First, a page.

When Penny was diagnosed with Down syndrome at birth, I was sad and scared. The sadness and the sorrow dissipated with time, replaced by joy and hope. One of the reasons I began to have joy and hope for this baby I loved was because I began to believe that she wasn't defined by the list of delays and disabilities and diseases associated with her condition. I began to see that I was needy, just like she was, even if I was better able to hide my needs from the world around me. But I also began to see that her needs were only one part of her. She, like me, like everyone else, was also gifted—able to offer something to me and the world around her. I began to see that she was as human as anyone else—broken and beloved, vulnerable and able, one who could give and receive.
Friday marks World Down Syndrome Day, and this week I'm going to devote the space on this blog to offering some glimpses of life with Down syndrome. Everyday life. Ordinary life. In my family and around the world. And so today I want to begin with a little story to demonstrate just one of the ways that Penny has been a gift to me:
I was away last week on a business-trip-slash-vacation with my husband. And because I was away from them, I thought about my kids a lot. I thought about how Marilee, age three, has all of a sudden transitioned from toddler to preschooler—all done with diapers, talking about her best friend, taking my hand as we walk through the house together and saying, "God will always be with me, Mommy." I thought about how William, age five, has grown three inches in about as many months, how he has learned to read though he isn't confident enough yet to practice out loud, how he still wants to sidle up next to me on the couch in the morning. And I thought about Penny, age eight, with her visible pride at learning all her spelling words, her visible concern when her friend is home sick, her diligence in practicing piano.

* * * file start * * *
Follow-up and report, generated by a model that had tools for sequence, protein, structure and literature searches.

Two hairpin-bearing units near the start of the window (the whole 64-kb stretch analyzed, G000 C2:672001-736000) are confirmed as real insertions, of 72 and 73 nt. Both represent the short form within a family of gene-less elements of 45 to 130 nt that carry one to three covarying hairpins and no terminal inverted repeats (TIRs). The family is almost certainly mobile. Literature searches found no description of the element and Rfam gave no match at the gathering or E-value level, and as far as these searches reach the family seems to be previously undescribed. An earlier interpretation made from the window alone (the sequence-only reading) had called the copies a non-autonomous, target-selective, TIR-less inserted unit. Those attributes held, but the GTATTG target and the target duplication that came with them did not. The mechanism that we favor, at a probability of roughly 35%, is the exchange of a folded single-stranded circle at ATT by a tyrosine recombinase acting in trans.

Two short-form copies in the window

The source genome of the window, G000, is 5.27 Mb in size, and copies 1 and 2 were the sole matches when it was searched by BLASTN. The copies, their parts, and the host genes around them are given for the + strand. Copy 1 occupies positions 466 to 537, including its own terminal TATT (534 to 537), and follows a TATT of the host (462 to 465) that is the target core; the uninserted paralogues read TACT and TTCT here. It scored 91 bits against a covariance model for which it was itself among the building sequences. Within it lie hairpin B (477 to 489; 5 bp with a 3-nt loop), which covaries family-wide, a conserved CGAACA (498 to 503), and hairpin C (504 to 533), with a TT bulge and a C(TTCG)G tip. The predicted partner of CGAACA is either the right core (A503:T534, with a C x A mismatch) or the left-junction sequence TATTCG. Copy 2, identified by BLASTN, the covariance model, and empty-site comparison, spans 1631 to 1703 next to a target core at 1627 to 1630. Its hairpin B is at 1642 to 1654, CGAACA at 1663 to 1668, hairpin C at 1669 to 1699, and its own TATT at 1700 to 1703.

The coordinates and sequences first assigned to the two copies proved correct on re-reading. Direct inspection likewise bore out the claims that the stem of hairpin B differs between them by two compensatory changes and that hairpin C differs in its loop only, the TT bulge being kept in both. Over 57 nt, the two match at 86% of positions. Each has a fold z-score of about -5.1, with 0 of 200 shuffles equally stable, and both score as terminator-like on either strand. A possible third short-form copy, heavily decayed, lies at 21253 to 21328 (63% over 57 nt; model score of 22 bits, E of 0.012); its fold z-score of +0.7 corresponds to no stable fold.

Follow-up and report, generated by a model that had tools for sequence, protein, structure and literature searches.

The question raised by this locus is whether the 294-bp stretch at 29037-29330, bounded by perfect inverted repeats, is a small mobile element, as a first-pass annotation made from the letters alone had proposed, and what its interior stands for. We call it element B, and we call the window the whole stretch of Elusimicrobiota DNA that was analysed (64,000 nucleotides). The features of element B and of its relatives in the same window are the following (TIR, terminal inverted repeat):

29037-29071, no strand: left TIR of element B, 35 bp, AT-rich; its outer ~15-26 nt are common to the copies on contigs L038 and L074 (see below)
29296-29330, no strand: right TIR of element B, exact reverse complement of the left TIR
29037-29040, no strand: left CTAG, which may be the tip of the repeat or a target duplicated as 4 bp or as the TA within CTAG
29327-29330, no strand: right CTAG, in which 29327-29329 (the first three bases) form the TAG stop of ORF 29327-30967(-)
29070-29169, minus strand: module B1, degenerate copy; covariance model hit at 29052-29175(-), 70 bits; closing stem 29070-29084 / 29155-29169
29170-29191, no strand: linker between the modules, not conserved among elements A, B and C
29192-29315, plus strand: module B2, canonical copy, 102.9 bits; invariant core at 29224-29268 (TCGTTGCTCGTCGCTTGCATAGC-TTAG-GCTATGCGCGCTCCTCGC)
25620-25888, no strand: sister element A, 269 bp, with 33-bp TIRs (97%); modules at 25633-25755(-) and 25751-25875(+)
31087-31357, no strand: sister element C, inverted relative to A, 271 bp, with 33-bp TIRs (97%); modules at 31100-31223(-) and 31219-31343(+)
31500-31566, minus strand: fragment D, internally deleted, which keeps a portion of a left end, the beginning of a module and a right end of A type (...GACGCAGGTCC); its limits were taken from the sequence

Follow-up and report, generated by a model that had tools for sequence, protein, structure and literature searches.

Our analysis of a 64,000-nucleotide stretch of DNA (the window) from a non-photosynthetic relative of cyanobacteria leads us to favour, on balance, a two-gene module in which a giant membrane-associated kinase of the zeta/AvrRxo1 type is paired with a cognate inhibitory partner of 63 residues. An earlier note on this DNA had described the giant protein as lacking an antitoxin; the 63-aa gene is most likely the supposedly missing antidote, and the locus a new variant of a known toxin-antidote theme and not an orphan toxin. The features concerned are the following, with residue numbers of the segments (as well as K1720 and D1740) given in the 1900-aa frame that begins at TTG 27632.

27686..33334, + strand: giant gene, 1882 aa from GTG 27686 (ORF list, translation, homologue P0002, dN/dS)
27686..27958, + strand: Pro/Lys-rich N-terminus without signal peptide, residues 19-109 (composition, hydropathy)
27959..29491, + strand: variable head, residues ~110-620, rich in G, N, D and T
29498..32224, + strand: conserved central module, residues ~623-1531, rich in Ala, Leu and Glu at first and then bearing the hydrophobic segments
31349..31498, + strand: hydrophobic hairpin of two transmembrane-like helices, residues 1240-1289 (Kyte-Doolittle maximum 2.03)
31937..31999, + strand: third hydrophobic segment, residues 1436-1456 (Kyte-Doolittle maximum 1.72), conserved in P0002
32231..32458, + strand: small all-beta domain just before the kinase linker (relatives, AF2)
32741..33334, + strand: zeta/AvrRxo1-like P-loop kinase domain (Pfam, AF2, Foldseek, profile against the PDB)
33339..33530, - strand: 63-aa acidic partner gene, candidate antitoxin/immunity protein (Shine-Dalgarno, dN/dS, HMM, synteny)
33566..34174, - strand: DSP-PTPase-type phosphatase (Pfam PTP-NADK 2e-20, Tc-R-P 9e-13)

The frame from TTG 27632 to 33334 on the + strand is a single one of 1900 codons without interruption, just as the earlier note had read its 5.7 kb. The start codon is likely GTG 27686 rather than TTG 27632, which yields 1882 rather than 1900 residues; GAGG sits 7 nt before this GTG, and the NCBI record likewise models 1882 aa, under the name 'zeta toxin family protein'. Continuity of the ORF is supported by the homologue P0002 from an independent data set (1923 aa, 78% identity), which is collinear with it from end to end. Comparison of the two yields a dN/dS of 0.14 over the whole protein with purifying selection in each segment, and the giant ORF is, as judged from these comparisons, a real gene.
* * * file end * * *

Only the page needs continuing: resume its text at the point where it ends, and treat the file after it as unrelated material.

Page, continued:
But this time, I also thought about what might be Penny's most admirable quality, something in her that I want to cultivate in myself. See, Peter and I went away at the same time that our younger two had a week off from school. So while we were gone, Penny still went to school every day, while the younger two had adventures lined up: a nature center, a museum, a children's movement center with a bouncy house. The younger two ate lunch at restaurants and stayed in their pajamas all morning and watched television. Penny got up and got dressed and went to school. The admirable part wasn't only that she didn't complain. It was that she seemed to take genuine delight in the fact that her younger brother and sister were able to do exciting things all day.
She's the same way when it comes to playing games together. It's not that she wants to lose. It's that she demonstrates genuine support when someone else wins. When Penny wins, William throws the Uno cards across the room in despair. When William wins, Penny claps for him. Penny's gracious attitude seems effortless. It seems as though it is a gift God has given her –a lack of jealousy, a lack of competition that translates into an ability to encourage and care for other people.
I should be clear: Penny has plenty of struggles. We come close to fighting every day because she takes longer than anyone else to get through the morning routine. She gets mad at me when I won't give her time to read one more page of her latest book. She annoys her little brother by singing loudly in bed after the lights go out. She has an impulsive habit of taking small objects that belong to other people and hiding them. I guess she's like all of us—strengths and weaknesses, gifts and burdens. Being away on this vacation just gave me a moment to pause and reflect on the gift she is.
In Philippians 4, Paul writes that he has learned "the secret of being content" no matter his circumstances. I have been wondering throughout this long winter how I might learn this secret. I don't want to be someone who complains, who throws my cards across the room when I don't get my way, so to speak. I want to be someone who doesn't get exactly what I want and can move on, disappointed but content, ready to try again.
Just a few verses before Paul writes that he has learned contentment, he commands: "Finally, brothers and sisters, whatever is true, whatever is noble, whatever is right, whatever is pure, whatever is lovely, whatever is admirable—if anything is excellent or praiseworthy—think about such things" (Phil 4:8). And I wonder whether placing our thoughts upon all that is lovely and noble and admirable in this world, in the people around us, in the gifts that God has given all of us through one another, is the secret.
When Penny was first born, I never could have imagined how admirable she might become. But eight years later, I continue to remain grateful for how lovely she is, even in the smallest things.